PURPOSE: To evaluate construct and face validity of the Eyesi Binocular Indirect Ophthalmoscope Simulator. METHODS: The performance of 25 medical students (Group A) was compared with that of 17 ophthalmology and optometry trainees (Group B) on the Eyesi Binocular Indirect Ophthalmoscope Simulator. During the course of a single session, each participant viewed an orientation module followed by an instruction session and a demonstration case, and performed 6 cases of progressively increasing difficulty (4 levels) and a 10-question face validity questionnaire. Outcomes included total score, total examination time, percent retina examined, and duration of eye exposure to light. RESULTS: Group B achieved significantly better total scores than Group A on all difficulty levels (P = 0.02, P = 0.001, P = 0.001, and P = 0.0001, for Levels 1-4, respectively) and had a significantly faster mean duration of examination (8 minutes 58 seconds vs. 5 minutes 21 seconds, P < 0.0001). Medical students reported higher scores in the face validity questionnaire for the simulator experience being helpful at orienting them to true indirect ophthalmology, and that further training on the simulator would improve their skills in the clinic (P = 0.03 for all). CONCLUSION: The Eyesi Binocular Indirect Ophthalmoscope Simulator has significant construct and face validity and shows promise for medical education.
PURPOSE OF REVIEW: Recent advances in experimental studies of optic nerve regeneration to better understand the pathophysiology of axon regrowth and provide insights into the future treatment of numerous optic neuropathies. RECENT FINDINGS: The optic nerve is part of the central nervous system and cannot regenerate if injured. There are several steps that regenerating axons of retinal ganglion cells (RGCs) must take following optic nerve injury that include: maximizing the intrinsic growth capacity of RGCs, overcoming the extrinsic growth-inhibitory environment of the optic nerve, and optimizing the reinnervation of regenerated axons to their targets in the brain. Recently, some degree of experimental optic nerve regeneration has been achieved by factors associated with inducing intraocular inflammation, providing exogenous neurotrophic factors, reactivating intrinsic growth capacity of mature RGCs, or by modifying the extrinsic growth-inhibitory environment of the optic nerve. In some experiments, regenerating axons have been shown to reinnervate their central targets in the brain. SUMMARY: Further approaches to the combination of aforementioned treatments will be necessary to develop future therapeutic strategy to promote ultimate regeneration of the optic nerve and functional vision recovery after optic nerve injury.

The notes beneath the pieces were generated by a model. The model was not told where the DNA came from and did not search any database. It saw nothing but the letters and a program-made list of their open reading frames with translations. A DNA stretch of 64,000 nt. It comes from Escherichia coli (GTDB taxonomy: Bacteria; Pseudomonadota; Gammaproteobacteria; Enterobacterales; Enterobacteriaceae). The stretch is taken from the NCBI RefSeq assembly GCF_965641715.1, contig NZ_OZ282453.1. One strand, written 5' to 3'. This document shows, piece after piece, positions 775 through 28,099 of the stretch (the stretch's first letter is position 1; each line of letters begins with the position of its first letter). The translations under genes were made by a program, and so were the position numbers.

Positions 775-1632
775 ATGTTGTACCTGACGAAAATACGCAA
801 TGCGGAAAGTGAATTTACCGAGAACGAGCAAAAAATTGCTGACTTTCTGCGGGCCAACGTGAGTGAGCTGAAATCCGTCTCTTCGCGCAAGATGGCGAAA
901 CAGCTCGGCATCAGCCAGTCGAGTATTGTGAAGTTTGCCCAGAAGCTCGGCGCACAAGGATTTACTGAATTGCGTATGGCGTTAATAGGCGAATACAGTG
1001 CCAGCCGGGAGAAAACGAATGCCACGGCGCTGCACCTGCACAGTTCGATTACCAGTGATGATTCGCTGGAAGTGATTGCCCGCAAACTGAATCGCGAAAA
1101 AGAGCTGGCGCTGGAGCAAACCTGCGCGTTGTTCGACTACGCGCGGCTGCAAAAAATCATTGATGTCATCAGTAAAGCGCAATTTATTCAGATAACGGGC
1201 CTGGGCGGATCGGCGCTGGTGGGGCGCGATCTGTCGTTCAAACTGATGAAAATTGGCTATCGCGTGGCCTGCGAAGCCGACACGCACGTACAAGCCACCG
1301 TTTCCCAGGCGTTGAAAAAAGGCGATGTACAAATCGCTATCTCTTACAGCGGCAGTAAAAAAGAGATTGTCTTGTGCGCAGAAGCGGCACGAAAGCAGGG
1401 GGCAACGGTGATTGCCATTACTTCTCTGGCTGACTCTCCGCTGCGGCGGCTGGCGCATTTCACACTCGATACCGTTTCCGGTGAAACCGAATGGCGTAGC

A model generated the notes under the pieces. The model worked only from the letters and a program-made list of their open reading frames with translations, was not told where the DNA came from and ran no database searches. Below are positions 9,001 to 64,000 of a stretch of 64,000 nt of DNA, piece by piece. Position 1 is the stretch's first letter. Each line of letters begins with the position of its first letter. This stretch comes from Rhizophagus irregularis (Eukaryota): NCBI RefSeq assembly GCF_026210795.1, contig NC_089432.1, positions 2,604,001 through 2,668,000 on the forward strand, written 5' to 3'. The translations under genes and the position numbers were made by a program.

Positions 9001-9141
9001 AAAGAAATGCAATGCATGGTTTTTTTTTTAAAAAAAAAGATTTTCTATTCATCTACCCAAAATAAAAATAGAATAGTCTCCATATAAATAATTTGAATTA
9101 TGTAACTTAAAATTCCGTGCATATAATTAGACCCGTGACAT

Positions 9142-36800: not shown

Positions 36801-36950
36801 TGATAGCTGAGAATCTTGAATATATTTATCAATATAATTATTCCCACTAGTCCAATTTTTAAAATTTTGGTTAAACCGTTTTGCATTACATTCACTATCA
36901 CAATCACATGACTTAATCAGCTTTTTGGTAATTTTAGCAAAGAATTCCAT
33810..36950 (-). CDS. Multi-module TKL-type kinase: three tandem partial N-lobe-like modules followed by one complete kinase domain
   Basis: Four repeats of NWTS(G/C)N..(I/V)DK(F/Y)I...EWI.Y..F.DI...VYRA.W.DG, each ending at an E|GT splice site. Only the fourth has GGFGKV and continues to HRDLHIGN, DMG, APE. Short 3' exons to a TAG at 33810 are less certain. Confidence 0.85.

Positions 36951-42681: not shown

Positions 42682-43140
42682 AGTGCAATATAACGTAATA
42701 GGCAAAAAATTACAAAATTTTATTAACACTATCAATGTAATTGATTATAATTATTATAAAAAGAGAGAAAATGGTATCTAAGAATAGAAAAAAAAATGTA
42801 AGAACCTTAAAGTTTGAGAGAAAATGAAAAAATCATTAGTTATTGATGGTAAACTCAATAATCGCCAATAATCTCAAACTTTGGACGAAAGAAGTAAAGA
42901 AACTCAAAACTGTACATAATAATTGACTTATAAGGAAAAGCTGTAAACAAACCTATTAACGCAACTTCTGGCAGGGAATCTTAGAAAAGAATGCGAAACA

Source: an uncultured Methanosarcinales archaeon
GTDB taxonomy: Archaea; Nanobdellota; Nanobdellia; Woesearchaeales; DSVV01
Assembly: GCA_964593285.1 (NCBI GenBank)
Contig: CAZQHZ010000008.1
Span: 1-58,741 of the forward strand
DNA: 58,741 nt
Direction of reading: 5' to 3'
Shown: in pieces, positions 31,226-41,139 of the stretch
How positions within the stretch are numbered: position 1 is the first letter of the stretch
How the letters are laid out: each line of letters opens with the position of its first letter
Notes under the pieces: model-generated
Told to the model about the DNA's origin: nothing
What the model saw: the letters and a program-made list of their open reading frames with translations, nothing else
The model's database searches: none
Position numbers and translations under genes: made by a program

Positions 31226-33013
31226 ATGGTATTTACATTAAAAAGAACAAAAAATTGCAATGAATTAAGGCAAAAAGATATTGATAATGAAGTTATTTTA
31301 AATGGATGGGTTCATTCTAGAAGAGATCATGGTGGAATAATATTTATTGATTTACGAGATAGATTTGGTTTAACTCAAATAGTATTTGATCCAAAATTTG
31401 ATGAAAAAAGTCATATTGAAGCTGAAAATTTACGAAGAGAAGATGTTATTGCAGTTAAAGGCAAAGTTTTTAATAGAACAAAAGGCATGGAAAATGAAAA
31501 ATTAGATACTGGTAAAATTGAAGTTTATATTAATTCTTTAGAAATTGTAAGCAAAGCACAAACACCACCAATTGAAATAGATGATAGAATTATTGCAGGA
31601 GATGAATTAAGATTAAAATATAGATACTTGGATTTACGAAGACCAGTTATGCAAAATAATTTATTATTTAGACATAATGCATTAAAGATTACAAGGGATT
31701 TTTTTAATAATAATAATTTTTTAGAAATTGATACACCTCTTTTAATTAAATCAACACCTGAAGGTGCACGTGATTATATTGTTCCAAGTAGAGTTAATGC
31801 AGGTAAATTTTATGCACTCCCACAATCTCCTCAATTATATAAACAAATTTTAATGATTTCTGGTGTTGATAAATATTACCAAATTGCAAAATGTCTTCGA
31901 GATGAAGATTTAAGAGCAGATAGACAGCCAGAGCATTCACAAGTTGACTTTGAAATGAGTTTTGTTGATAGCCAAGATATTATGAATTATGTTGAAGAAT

Perioperative vision loss (POVL) may cause devastating visual morbidity. A prompt anatomical and etiologic diagnosis is paramount to guide management and assess prognosis. Where possible, steps should be undertaken to minimize risk of POVL for vulnerable patients undergoing high-risk procedures. We review the specific risk factors, pathophysiology, and management and prevention strategies for various etiologies of POVL.
PURPOSE: To assess the sensitivity of corneal cold receptors to a known transient receptor potential melastatin 8 (TRPM8) agonist, menthol, in dry eye and normals, and to determine whether factors such as disease duration or age affect responses. METHODS: Dry eye disease (DED) (N = 33) and normal (N = 15) subjects were randomly assigned to receive Rohto® Hydra (0.01% menthol) or Systane® Ultra treatments (OU) in a prospective, double-blind, crossover study. DED subjects had documented disease and symptom response scores >2 on a 0- to 5-point scale. Normals had no history of DED and scores <2 on the same scale. Endpoints included mean cooling score (0 = not cool and 10 = very cool) evaluated at 0, 0.5, 1, 2, 3, and 4 min post-instillation, sum cooling scores (5 time points, range 0-60), and ocular signs and symptoms. RESULTS: Mean (±SD) ages were similar, 62.2 ± 8.6-year (DED) versus 53.5 ± 7.6-year (normal). Corneal sensitivity scores were not different between groups. Mean cooling scores at 0.5-4 min post-menthol instillation were significantly higher in DED subjects (P ≤ 0.03). Sum cooling scores were significantly higher (P = 0.04) in DED subjects with a disease duration <10 years (N = 18, 28.3 ± 2.58) versus ≥10 years (N = 15, 20.2 ± 2.76). Age did not affect cooling response in either group. CONCLUSION: DED subjects had greater sensitivity to cold than normal subjects. DED duration, and not age, was critical to cooling sensitivity. The finding that cooling scores were higher in subjects with DED for less than 10 years compared to more than 10 years suggests that corneal cold receptor sensitivity decreases as the duration of DED increases.